An exhaust gas flow path extends axially through the center of the exhaust system component through the inlet section (i.e., conduit 22), through the intermediate section (i.e., conduit 24), and through the outlet section (i.e., conduit 26). Flow through the inlet section travels through the diesel oxidation catalyst 62, and flow through the intermediate section travels through the DPF. The insulating spaces 23, 25 and 27 are preferably generally isolated from the interior exhaust flow path of the exhaust system component (e.g., generally not in fluid communication with the interior of the exhaust system component). Although the spaces 23, 25 and 27 are generally isolated from the main exhaust gas flow path, a small amount of exhaust gas flow may occur between the main exhaust gas flow path and the spaces 23, 25 and 27. For example, openings 500-508 may allow relatively small amounts of exhaust gases to enter spaces 23 and 27. The insulating spaces preferably provide an effective buffer between the high temperature exhaust gas within the component and the exterior of the component. The insulating spaces 23, 25 and 27 are also generally isolated from one another.

In other embodiments, spacers S can also be provided adjacent the diameter expander 61 and the diameter reducer 71 to provide further reinforcement (see FIG. 5).

The clamps 44 are preferably v-band clamps which define v-shaped channels 45 adapted to fit over the exterior of the flange interfaces 38. FIGS. 3 and 4 show an example clamp 44 in isolation from the exhaust system component. The clamp 44 includes channel segments 45 secured to a strap 47. Ends 48 of the strap 47 are looped. Trunions 50 are mounted within the looped ends of the strap 47. One or more fasteners 52 extend between the trunions for tightening and loosening the clamp 44. By tightening the fasteners, the diameter of the clamp constricts. As used herein, the phrase “a channel” is intended to include a single channel and also to include more than one channel.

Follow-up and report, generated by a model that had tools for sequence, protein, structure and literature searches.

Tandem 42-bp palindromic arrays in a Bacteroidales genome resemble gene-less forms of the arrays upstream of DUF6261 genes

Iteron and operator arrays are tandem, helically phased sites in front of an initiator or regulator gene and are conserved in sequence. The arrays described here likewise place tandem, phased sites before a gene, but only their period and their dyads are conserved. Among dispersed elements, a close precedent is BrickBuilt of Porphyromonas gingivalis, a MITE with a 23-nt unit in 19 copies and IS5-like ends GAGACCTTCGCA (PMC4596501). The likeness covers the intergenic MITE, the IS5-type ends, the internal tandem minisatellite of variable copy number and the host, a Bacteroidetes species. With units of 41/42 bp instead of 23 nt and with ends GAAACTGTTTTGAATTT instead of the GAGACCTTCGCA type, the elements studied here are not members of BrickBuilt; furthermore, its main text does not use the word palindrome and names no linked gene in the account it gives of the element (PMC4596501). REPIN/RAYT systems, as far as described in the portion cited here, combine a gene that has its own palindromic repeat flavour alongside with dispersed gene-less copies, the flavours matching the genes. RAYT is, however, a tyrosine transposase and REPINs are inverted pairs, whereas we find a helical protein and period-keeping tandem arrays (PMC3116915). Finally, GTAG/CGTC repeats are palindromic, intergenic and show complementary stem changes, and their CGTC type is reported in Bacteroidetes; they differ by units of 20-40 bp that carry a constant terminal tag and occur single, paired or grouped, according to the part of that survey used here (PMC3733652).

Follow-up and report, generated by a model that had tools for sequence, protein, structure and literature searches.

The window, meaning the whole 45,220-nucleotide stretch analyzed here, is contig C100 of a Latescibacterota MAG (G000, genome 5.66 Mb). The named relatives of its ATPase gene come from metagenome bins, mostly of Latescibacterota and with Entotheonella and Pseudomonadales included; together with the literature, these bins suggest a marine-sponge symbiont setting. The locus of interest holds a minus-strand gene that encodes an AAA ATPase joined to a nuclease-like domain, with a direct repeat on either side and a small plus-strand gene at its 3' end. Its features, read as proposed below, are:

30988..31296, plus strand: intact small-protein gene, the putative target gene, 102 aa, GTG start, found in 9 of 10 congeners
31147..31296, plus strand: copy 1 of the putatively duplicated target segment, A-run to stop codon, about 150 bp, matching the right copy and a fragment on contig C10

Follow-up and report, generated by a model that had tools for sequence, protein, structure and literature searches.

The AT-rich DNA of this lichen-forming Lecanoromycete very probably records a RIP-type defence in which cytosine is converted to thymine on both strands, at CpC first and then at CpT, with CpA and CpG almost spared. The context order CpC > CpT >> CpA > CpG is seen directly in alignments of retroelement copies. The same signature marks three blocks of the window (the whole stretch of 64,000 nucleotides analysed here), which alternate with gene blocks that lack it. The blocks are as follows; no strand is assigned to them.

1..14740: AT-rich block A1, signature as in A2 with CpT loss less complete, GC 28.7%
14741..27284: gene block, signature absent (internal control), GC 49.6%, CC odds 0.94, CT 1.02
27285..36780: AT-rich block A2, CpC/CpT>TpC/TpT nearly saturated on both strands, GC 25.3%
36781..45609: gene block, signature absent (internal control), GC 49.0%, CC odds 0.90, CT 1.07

In one embodiment, a multi-layer insulation configuration can be used within the insulating spaces 23, 25, 27 or at any other space/location in an exhaust system where insulation is desired. The configuration preferably uses multiple concentric layers of insulation within the insulating space to provide low outer skin temperatures while maintaining relatively small thicknesses. In one example embodiment, the insulation technique allows relatively low outer skin temperatures (e.g., less than 120 degrees Celsius) while the internal exhaust temperatures are relatively high (e.g., 650 degrees Celsius or above). In certain embodiments, the configuration provides the above identified thermal gradient (i.e., 650 degrees Celsius to 120 degrees Celsius) while occupying a limited amount of space (e.g., a radial thickness less than or equal to 0.5 inches).

FIGS. 7 and 8 show an example multi-layer insulation configuration 300 positioned within the space 23 between inner and outer walls/skins 22i and 22o. The insulation configuration includes four insulation layers 326a, 326b, 326c and 326d. Foil layers 328a-328d are used to separate the layers of insulation. Foil layer 328a is positioned between the outer muffler wall 22o and insulation layer 326a. Foil layer 328b is positioned between insulation layer 326a and insulation layer 326b. Foil layer 326c is positioned between insulation layer 326b and insulation layer 326c. Foil layer 328d is positioned between insulation layer 326c and insulation layer 326d.

The layers 328a-328d are preferably metal foil (e.g., polished aluminum). In one embodiment, foil layers are about 2 to 3 mils in thickness. While metal foil is preferred, any high temperature resistant material that is capable of separating (i.e., dividing) the layers of insulation and has dissimilar material properties as compared to the layers of insulation can be used. The separating layers preferably provide a thermal boundary effect to improve the overall insulation capability of the arrangement. It is preferred for the divider layers to have a different (e.g., higher) thermal emissivity than the insulation layers so that the divider layers are better radiant heat reflectors than the insulation layers.